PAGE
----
• That's actually a good idea. I was hesitant of doing that because I was afraid of being seen as "bossing around" right after joining. But maybe that's a skewed perception based on my anxiety. I think you might be on to something.
    – user134865
    Oct 13 '18 at 13:50
  • @user202729 it might feel like "bossing around" but it shows leadership. I guess that's a feature of showing leadership, really.
    – bharal
    Oct 13 '18 at 13:59

I suggest you talk to your boss about doing a passion project. A passion project is a task you come up with, using a technology you want to learn and/or use that you feel can greatly benefit the company. For example, developers always see something they can improve, and want to use some new framework/tech to accomplish it.

The key here is to phrase it so you highlight the company benefits, not just benefits to you. If it's agreed upon, you get to do something you love, and the company gets some sort of benefit for your time.


Your situation suggests that work on your project is organised ad-hoc primarily within the lead developer's head. This is a symptom of lack of organisation, and can be remedied by adopting a development methodology. One option is scrum.

In scrum, this kind of thing should be discussed at sprint planning. This juncture is an ideal point to call out the tasks you feel you have the information and expertise to complete. Once sprint planning has created a sprint backlog, you should feel free to begin any of these tasks without waiting for instructions, once you've completed the current one.

If you don't manage work with any kind of organised process, start. A first step might be to say to the lead developer and the project manager, at the start of the week, "Can we have a quick discussion to plan what I'm to be doing this week?".

  • 1
    I read and re-read the question text and couldn't find anything pointing that the project they talk about follows scrum / involves sprints and planning, did I miss something?
    – gnat
    Oct 12 '18 at 11:49
  • Did you find anything that says they don't? OP's situation suggests that a better approach to work organisation is needed, scrum is one option to provide that organisation.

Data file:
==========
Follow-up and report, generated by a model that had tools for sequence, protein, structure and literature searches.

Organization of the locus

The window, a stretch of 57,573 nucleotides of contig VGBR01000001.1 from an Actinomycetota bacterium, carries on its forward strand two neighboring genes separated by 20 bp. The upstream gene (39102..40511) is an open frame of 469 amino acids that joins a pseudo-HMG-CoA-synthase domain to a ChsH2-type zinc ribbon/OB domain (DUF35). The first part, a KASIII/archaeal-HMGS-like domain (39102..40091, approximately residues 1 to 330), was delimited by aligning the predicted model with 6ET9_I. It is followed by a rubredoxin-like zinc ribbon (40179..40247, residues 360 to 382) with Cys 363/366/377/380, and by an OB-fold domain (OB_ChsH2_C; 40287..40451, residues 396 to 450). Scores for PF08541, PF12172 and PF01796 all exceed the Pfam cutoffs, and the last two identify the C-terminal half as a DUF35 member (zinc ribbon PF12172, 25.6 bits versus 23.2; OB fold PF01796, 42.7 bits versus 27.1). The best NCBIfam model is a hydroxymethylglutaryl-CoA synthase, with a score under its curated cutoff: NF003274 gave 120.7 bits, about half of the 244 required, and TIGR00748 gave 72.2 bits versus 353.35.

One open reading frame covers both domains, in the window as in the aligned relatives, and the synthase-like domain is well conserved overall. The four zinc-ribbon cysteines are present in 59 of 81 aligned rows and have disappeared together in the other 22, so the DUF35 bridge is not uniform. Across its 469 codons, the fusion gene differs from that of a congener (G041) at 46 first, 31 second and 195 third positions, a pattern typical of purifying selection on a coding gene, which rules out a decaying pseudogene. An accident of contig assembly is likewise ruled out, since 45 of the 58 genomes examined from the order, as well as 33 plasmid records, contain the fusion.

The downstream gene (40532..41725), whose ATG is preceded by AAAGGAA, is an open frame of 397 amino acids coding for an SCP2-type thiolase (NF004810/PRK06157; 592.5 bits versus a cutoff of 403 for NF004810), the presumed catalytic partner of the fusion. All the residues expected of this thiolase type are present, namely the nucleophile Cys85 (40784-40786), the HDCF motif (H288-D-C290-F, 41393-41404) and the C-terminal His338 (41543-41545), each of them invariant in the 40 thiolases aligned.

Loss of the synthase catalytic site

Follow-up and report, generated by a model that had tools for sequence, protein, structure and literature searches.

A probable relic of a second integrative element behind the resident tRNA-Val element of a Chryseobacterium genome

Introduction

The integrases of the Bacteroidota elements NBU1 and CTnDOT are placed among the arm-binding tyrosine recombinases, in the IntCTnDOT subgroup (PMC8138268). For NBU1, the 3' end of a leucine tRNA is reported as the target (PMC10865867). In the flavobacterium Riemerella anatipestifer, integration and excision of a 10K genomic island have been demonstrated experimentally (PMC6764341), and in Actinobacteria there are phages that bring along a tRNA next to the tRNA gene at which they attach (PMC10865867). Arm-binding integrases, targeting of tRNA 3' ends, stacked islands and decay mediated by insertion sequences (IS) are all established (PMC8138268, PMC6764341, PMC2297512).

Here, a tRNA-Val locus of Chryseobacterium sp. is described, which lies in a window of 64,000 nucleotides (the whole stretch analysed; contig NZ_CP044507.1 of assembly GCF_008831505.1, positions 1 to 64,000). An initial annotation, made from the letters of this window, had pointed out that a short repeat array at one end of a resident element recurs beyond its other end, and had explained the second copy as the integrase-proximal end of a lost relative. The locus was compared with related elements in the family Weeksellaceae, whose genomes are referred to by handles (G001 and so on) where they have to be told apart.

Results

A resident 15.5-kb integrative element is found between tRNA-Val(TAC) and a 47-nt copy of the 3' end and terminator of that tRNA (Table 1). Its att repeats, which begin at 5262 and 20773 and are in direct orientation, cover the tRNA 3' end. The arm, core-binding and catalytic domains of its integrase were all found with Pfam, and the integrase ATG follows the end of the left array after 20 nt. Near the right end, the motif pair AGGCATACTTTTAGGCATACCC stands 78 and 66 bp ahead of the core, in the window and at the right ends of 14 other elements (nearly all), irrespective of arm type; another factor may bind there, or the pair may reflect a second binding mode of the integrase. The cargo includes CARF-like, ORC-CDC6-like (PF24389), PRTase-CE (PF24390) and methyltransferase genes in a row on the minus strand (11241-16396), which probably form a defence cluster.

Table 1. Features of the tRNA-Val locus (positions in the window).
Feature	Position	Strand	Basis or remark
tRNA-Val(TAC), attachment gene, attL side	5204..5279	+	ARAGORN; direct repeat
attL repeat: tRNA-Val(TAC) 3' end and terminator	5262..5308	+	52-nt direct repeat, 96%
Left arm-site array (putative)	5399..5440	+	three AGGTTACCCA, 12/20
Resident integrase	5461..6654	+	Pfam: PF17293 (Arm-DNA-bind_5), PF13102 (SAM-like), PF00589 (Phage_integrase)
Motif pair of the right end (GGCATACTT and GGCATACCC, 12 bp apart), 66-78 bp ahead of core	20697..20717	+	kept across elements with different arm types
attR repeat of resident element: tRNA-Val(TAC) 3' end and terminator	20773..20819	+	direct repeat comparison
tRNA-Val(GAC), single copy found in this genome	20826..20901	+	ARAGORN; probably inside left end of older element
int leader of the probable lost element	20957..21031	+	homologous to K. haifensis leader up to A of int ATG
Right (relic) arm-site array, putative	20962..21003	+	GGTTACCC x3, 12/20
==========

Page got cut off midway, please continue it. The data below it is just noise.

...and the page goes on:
– Tom W
    Oct 12 '18 at 12:12
  • 4
    I feel like this could be a good answer if the employee in question were a trusted employee who had worked for the company for 6 months or more and still found this to be a problem. In this particular question, though, they have worked there for a week and a half. They've been told there is a backlog, they just don't have access to it yet... Because it's only been a week and a half. If we had a brand new employee who said, "Hey guys, I don't know how things are done here yet, but you need to use scrum!" my reaction probably wouldn't be, "Wow, I've never heard of that, we'll start immediately".
    – Keiki
    Oct 12 '18 at 12:33
  • @Keiki that's a fair point, and I have just now noticed the mention of the backlog - so that's the answer to the question - OP needs access to the backlog now and to use it the way a backlog is supposed to be used, to solve the problem.
    – Tom W
    Oct 12 '18 at 12:35
  • @Keiki well it sounds like you need to have an agile process for creating agile processes then. i recommend hiring 100 scrum people to help, but you'll need a scrum process for managing the 100 scrum people for making a scrum process for creating agile processes, so you'll need about 20 scrum management personnel. Happily, my scrum company "Scrumdom" provides high-quality scrum people
    – bharal
    Oct 12 '18 at 12:54